As Doran ponders the lengthy prison sentence he’s sure to get for “murder one,” he says, “Until tonight, the only hand I ever got was the back of it. That, and a kick in the pants, and a taste of the sidewalk. It’s a funny thing. I gotta wait until the lights are half out, and I’ve got one foot in hell, and I crawl on my hands and my knees to a dead house to find somebody. Somebody living. Somebody warm.” And Marshall, as Soames, is listening to this with tears in his eyes, telling him to just rest.

Well, that’s all Serling — who demonstrates once again that he’s truly a “jolly good fellow.”

Between his writing, Marshall’s acting, and Jeannot Szwarc’s direction (Serling’s favorite ever since he saw Szwarc’s work on “Class of ’99”), we have every ingredient necessary to make a true Night Gallery classic.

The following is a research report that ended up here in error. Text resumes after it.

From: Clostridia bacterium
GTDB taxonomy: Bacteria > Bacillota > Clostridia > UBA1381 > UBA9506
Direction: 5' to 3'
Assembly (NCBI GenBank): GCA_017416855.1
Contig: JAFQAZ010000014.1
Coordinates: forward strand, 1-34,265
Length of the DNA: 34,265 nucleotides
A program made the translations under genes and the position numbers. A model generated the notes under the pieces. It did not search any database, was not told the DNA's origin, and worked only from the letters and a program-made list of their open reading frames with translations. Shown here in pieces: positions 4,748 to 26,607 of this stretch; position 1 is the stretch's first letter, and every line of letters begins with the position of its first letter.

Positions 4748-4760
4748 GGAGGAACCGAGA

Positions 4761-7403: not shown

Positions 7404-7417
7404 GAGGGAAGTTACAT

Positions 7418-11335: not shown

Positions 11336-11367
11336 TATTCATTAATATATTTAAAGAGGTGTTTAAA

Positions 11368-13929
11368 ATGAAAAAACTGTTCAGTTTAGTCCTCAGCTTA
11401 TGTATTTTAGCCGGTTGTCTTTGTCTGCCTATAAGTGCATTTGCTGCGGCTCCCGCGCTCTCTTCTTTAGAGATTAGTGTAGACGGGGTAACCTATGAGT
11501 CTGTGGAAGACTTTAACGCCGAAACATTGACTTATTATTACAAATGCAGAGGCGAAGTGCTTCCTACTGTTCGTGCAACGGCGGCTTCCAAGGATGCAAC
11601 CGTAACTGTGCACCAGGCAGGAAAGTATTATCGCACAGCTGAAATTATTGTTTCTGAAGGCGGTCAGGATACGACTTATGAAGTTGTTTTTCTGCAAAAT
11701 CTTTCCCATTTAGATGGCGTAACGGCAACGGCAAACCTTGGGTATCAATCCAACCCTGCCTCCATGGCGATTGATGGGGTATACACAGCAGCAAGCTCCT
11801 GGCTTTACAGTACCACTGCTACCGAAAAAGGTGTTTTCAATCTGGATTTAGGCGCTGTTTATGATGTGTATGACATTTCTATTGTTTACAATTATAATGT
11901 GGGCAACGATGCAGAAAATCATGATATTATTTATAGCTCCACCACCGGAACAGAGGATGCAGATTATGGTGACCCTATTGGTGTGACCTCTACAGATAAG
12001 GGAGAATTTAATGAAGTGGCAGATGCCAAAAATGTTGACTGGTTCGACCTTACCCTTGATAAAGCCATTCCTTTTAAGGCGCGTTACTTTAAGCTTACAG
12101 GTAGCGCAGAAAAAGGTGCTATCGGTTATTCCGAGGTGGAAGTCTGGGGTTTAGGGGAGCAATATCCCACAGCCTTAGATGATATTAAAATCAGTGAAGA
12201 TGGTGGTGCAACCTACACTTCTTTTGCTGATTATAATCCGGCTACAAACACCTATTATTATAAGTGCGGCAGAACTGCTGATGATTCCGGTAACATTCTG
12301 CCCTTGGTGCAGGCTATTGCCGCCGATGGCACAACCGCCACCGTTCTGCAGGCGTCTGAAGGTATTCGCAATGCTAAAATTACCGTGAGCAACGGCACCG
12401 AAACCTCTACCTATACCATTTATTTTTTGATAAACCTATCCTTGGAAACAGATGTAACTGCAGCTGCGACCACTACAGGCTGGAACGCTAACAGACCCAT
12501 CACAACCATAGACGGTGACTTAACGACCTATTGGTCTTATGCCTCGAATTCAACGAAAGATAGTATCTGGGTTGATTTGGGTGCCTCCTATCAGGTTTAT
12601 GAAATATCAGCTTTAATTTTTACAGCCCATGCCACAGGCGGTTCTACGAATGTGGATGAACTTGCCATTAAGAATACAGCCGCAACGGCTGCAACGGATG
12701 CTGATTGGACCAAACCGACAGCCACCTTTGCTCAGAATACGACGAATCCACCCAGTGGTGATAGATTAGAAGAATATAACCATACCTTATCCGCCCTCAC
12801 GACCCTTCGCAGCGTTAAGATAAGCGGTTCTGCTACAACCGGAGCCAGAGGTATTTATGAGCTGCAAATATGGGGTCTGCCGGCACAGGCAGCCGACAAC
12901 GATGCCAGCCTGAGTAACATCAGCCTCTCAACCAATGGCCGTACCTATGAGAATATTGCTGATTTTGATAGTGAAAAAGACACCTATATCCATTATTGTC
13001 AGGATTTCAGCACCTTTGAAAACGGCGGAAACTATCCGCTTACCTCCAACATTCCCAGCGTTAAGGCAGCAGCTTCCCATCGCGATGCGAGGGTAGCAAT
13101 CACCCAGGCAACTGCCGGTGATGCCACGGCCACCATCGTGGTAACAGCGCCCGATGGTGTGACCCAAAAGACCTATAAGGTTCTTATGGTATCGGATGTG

***

You can read DeFord’s story in the anthology “Alfred Hitchcock Presents: Stories that Scared Even Me.” It’s out of print, but you can find used copies on Amazon and other booksellers.

Previous “Re-Framing” posts can be found here. And be sure to check out this spotlight on my favorite scene in “A Death in the Family” by clicking here.

For a daily dose of Serling, you can follow me on TwitterFacebook or Pinterest. You can also get email notifications of future posts by entering your address under “Follow S&S Via Email” on the upper left-hand side of this post.

Hope to see you in some corner of the fifth dimension soon!

About Paul

Fanning about the work of Rod Serling all over social media. If you enjoy pics, quotes, facts and blog posts about The Twilight Zone, Night Gallery and Serling's other projects, you've come to the right place.

Posted on 07/18/2022, in Night Gallery and tagged , , , , , , . Bookmark the permalink. 16 Comments.

  1. Carl Rosenberg